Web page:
Gravel crunched and popped out from under the tires as I looked for a good place to pull over. It’s one of the little things you have to think about before you storm what might be a fortress chock full of murderous zealots and one dark wizard: Where to park the car.
It wasn’t long before I came across an access road that one of the local farmers used to get their equipment in and out of the field to my left. Just beyond that was a small copse of trees. I parked behind those so the car wouldn’t be seen from the road.
The sun had begun to set. I would be dark soon, but I still had a couple of hours before midnight. I’d packed the essentials before going back to Oz’s place. I went around and opened up the back of the Scout to retrieve them.
First, I’d need ammunition. I always prefer to go into one of these little capers without firing a single bullet, but that’s rarely ever happened. It’s like the old saying goes: I’d rather bring along two guns and a few dozen shells and not need them then to come to face to face with a colony of goblins and not have anything to shoot them with. It’s a fairly common saying in my circles anyway.
I packed the ammunition in my backpack along with a flashlight, a few chemical lights, the bag of food Grace had given me — A couple of sandwiches and a chunk of cold roast beef — along with a canteen of water. I’d also packed an assortment of magical items just in case.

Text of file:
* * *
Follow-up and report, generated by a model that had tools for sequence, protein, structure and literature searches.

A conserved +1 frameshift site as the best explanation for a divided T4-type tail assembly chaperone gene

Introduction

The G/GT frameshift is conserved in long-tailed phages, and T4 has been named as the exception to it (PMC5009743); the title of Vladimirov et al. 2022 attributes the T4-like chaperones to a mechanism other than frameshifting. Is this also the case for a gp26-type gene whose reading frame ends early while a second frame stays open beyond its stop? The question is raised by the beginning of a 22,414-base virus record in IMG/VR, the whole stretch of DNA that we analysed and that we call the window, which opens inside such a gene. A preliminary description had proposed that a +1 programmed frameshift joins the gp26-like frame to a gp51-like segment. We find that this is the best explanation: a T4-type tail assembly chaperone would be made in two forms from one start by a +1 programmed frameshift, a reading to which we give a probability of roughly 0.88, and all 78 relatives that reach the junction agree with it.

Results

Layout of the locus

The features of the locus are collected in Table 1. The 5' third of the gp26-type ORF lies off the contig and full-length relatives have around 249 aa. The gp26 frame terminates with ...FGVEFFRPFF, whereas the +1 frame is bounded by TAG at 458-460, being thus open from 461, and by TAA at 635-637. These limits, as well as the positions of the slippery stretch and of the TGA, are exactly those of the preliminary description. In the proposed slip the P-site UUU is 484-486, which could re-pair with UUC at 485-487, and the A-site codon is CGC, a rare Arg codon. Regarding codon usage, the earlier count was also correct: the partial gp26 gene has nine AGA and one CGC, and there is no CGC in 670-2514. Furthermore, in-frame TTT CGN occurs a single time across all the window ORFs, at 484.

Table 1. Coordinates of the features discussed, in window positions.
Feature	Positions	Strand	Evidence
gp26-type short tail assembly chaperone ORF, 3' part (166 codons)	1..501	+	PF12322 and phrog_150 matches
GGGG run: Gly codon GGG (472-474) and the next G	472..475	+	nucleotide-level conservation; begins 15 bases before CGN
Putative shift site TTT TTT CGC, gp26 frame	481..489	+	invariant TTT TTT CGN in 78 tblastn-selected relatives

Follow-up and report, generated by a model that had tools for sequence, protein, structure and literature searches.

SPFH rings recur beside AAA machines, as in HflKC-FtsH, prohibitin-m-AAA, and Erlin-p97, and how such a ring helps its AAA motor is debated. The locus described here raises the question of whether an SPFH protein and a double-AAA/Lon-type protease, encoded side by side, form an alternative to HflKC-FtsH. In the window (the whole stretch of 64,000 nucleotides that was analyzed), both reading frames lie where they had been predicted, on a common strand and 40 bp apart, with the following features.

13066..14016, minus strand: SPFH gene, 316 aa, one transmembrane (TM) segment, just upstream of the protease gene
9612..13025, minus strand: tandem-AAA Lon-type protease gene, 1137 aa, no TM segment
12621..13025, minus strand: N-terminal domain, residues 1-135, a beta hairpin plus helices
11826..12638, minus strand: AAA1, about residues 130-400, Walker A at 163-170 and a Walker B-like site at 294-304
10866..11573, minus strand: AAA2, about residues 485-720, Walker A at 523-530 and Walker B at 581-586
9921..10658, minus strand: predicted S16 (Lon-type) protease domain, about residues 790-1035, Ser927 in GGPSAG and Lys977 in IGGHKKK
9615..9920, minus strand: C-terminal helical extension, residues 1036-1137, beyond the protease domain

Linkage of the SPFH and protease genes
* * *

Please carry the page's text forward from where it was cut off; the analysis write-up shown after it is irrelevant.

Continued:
I took of the coat and tossed it into the back of the Scout before pulling on the backpack.
Once I was ready I set off north, back the way I had come, back to where the tracking potion was pulling me. The empty building.
I could see it there silhouetted against the horizon. I’d driven by the beast most days for as long as I can remember, yet I can’t recall what the building had been used for before it had been abandoned. To me it looked like the kind of massive structure that would house a factory of some sort. I could imagine rows of assembly line machines and employees in grease-stained coveralls working the line, pushing through whatever product the factory had been built to make.
But I’d never heard of a working factory out here in the hundred or so years I’ve lived in Eudora. I’ve always ignored the place, wrote it off as I drove by, and I was beginning to wonder if, after all this time, that that was something the place, the building, wanted to happen.
That took my thoughts down a path I didn’t want them to go, so I continued forward, trekking across the unplanted field toward the old factory, pushing the thoughts that were forming in my brain regarding the building being alive out of my head.
But then, as the darkness fell one last thought slipped in. What if that’s what the building had wanted?